its Cuban Supervision and Control Agency oversees the development of
internet-related technologies.20

LIMITS ON CONTENT

Rather than engaging in the technically sophisticated blocking and
filtering used by other repressive regimes in countries like China and
Tunisia, Cuban authorities rely heavily on lack of technology and
prohibitive costs to limit users' access to information. The websites of
foreign news outlets—including the British Broadcasting Corporation
(BBC), Le Monde, and El Nuevo Herald (a Miami-based Spanish-language
daily)—and human rights groups like Amnesty International, Human Rights
Watch, and Freedom House remain largely accessible, though slow
connection speeds impede access to the content on these sites.21 Some
sites and writings that are considered anti-Cuban or
counterrevolutionary are restricted. These include many of the Cuban
sites based in the United States and abroad, and any documents
containing criticism of the current system or mentioning dissidents,
supply shortages, or other politically sensitive issues.22 Blogs and
other sites with content written by Cubans residing in Cuba—such as the
blogging platform Voces Cubanas and the Bitácora Cubana blog—are also
inaccessible. Sites such as Cubanet.org, Payolibre.com,
Cubaencuentro.com, and the Association for Freedom of the Press also
cannot be accessed at youth computer centers.23 Even Revolico.com, a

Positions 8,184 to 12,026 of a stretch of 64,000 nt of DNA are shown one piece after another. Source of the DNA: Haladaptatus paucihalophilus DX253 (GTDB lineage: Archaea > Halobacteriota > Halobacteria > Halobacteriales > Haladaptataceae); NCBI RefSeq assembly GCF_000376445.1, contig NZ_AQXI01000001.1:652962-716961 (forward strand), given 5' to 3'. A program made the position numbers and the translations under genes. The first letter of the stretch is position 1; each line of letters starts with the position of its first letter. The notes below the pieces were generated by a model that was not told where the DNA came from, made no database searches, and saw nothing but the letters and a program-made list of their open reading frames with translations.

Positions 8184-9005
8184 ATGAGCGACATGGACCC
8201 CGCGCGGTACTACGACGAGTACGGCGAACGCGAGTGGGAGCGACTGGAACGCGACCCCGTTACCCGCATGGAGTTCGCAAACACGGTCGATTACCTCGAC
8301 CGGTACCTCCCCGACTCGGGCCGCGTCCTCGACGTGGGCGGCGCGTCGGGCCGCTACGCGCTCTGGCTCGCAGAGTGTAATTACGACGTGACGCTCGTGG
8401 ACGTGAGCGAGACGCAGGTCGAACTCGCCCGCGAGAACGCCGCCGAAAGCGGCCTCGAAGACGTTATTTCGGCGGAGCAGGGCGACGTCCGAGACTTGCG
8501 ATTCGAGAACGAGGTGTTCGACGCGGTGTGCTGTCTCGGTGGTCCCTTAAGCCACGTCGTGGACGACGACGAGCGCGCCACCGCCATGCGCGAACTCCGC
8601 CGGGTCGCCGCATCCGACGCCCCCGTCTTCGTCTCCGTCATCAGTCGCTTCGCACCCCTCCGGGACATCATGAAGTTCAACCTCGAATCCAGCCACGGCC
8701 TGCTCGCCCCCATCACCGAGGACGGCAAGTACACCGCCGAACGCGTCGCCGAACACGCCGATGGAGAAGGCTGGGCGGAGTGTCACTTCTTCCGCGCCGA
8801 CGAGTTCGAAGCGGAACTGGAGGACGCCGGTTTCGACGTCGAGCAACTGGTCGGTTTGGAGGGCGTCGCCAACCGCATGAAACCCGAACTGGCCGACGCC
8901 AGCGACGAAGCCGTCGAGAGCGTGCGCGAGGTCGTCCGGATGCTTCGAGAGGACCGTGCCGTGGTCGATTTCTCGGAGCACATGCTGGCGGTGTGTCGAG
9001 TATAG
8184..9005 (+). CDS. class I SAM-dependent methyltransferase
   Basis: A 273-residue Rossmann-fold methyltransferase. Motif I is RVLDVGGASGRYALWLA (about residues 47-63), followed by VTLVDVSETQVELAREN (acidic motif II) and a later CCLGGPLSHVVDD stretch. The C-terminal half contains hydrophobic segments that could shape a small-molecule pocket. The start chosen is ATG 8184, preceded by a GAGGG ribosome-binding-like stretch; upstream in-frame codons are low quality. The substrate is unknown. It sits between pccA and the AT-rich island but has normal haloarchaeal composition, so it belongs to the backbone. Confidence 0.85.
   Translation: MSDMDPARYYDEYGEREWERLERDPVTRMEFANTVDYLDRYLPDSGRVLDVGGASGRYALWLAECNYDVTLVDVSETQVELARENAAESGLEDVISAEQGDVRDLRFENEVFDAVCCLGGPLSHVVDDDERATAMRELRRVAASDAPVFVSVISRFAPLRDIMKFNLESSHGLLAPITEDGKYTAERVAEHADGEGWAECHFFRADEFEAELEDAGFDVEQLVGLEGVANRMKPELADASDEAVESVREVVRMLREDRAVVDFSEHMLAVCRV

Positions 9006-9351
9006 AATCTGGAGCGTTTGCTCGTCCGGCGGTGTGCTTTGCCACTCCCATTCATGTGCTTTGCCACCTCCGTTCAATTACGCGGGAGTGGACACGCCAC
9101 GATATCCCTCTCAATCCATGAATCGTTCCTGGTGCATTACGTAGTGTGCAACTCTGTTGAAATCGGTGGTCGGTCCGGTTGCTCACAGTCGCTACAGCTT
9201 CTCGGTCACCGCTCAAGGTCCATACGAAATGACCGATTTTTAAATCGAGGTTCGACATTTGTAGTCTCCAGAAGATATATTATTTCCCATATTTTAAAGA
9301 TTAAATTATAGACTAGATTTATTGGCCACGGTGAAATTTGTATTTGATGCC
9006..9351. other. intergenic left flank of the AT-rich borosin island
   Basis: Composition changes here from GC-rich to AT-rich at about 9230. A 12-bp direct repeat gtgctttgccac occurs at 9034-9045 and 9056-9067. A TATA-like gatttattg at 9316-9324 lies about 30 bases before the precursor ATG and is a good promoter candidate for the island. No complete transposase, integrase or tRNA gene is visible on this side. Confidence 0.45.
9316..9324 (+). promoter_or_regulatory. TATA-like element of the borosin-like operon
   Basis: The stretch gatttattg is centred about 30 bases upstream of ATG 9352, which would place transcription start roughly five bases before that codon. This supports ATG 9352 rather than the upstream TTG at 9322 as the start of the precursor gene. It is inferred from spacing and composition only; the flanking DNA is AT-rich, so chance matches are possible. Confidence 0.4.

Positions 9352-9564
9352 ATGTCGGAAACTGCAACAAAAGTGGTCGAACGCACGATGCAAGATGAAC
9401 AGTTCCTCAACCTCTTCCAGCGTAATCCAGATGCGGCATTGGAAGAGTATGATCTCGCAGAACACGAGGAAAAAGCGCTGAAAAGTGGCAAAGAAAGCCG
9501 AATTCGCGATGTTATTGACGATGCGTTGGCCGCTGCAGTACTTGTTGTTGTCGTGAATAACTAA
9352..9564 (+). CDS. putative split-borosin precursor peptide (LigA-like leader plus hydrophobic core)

platform for classified advertisements that has no direct association
with politics, has been censored.24
It is a crime to contribute to international media that are not
supportive of the government, a fact that has led to widespread
self-censorship. Cuban blogs typically feature implicit or explicit
elements of self-censorship and anonymity. Many of those working closely
with ICTs are journalists who have been barred from official employment,
and the prohibitive costs surrounding the technology represent a major
obstacle for them. The majority of their work is done offline by hand,
typewriter, or computer, then uploaded and published once or twice a
week using a paid internet-access card. For those contributing to
international outlets, content can be dictated via costly international
phone calls.
Despite all of these barriers, Cubans still connect to the internet
through both authorized and non-authorized points of access. Some are
able to break through the infrastructural blockages by building their
own antennas, using illegal dial-up connections, and developing blogs on
foreign platforms. The underground economy of internet access also
includes account sharing, in which authorized users sell access to those
without an official account for one or two convertible pesos per hour.
Some foreign embassies allow Cubans to use their facilities, but a
number of people who have visited embassies for this purpose have
reported police harassment. Some cases of Cuban activists using mobile
phones or text messaging to organize events or disseminate political
information have been reported. There is a thriving improvisational
system of "sneakernets," in which USB keys and data discs are used to
distribute material (articles, prohibited photos, satirical cartoons,
video clips) that has been downloaded from the internet or stolen from
government offices.
There is no exact count of blogs produced in Cuba, but the Cuban
Journalists' Union (UPEC) has reported a current total of 174. Examples